3. The value of engaging the backchannel (i.e. Twitter conversations during a talk) and how to do so more.

I’ve given, and attended, a number of talks and I have conflicting sentiments about the Twitter stream during presentations.

As a speaker, I am excited by the immediate feedback. Seeing a number of comments about a talk right after giving it is a wild and, oddly, comforting feeling. (I did something today, I think, and this proves it!) It is interesting to see which points, topics or stories particularly resonated with the audience. On the flip-side, I sometimes feel a bit dismayed when seeing something I said out of context. The context is often necessary to comprehend that what I said was meant in jest, or in order to render the statement “sensical”.

As a participant, the desire to connect with others in the session, to share the information with those not there, or to simply covey, “I am here in this session, doing something today”. (If you’re getting the sense that I may need to really prove to myself and others that I am accomplishing something, you may be on the right track.) At times, the information being broadcast helps those paying attention on Twitter get a sense of the presentation and its overriding points and message. But the conversation also takes away from the content of the talk, and from actually listening.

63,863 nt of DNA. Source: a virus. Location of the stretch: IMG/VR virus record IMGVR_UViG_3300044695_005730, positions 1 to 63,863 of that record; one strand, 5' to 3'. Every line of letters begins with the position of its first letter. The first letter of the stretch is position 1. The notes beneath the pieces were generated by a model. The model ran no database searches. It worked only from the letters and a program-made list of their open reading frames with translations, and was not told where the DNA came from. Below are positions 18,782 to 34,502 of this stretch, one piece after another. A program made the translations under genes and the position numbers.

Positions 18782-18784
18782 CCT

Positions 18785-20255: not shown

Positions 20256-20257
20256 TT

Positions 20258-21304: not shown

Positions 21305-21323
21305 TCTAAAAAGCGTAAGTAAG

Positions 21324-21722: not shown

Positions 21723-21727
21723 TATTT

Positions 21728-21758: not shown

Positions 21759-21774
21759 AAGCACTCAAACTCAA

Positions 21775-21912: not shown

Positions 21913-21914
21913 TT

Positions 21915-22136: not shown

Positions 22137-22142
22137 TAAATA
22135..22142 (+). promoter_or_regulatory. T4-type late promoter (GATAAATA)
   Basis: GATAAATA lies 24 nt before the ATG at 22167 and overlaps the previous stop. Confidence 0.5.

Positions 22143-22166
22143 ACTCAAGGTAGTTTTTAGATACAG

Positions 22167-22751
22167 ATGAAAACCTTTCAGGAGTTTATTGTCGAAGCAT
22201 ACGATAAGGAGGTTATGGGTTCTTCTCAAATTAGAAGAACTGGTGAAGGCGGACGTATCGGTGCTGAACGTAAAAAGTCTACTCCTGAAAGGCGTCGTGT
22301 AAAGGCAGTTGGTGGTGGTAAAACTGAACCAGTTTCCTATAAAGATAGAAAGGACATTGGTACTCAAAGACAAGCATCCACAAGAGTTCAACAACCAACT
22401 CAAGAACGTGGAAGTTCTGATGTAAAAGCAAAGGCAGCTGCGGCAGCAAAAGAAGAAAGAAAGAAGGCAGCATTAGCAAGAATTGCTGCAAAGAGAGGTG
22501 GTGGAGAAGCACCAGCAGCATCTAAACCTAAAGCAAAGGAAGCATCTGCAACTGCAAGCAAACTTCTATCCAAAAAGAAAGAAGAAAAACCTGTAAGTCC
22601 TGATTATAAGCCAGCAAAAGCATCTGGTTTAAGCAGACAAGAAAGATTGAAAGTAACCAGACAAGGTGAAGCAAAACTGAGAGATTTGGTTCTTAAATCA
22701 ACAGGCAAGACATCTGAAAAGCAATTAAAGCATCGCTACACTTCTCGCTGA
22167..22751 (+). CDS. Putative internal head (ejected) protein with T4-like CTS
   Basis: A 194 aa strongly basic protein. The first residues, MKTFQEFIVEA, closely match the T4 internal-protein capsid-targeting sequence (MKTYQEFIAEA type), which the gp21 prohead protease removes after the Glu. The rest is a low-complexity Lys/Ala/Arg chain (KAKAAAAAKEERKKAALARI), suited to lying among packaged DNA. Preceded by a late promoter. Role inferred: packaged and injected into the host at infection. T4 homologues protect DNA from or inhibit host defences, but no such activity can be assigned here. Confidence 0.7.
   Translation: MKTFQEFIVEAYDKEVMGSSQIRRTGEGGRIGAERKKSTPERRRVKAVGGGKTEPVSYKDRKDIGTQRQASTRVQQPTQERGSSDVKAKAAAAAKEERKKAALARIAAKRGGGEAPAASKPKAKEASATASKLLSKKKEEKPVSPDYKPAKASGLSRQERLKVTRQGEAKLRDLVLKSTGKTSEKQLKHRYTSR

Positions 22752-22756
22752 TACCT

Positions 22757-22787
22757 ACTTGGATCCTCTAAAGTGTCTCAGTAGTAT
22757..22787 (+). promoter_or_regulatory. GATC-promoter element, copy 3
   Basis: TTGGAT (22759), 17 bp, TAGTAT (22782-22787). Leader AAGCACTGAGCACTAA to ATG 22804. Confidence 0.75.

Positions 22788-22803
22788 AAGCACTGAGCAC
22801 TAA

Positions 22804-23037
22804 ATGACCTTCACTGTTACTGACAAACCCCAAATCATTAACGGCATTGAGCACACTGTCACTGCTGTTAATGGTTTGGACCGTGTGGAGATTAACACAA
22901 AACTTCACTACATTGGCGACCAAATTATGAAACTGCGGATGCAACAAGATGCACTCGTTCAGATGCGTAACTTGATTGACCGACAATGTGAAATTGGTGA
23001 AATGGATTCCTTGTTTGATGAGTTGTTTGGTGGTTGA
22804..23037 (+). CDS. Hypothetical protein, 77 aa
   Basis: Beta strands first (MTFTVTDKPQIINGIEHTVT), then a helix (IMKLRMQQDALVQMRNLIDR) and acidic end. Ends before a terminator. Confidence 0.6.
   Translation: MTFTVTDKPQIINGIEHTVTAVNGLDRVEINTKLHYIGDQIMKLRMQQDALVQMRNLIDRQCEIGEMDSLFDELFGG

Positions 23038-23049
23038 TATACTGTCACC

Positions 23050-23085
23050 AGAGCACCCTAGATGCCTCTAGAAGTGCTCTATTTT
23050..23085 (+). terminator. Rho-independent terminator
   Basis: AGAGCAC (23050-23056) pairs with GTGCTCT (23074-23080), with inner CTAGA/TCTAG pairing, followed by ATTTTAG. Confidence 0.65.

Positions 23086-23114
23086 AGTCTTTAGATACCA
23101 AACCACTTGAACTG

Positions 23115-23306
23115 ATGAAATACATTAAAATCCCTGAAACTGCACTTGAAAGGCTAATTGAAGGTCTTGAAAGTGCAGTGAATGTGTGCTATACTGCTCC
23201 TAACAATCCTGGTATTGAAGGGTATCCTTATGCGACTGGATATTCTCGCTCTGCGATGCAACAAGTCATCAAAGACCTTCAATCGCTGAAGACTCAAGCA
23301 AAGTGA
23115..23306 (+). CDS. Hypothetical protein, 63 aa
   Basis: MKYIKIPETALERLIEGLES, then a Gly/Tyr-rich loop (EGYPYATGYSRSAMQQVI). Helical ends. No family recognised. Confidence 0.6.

Here are just some of the pros and cons as I see them.  Please feel free to contribute what you see as pluses or minuses.


Tremendous Oversimplification. 140 characters is not enough to tell a story, and sometimes not even enough to explain a point made.

Out of Context. As stated above, jokes or flip statement are the easiest for those not present to read and misinterpret. (“She thinks slaughterhouses are sexy?!”)

Missed information
.  The focus can become not on learning – but on sharing what you just learnt.  And it’s easy to miss what the speaker is saying next while attempting to truncate their last statement.  And, as Chris Pirillo put it so well: “The problem with people using Twitter during a presentation is that they are paying more attention to the voice that is in their head than they are to the voice on the stage.”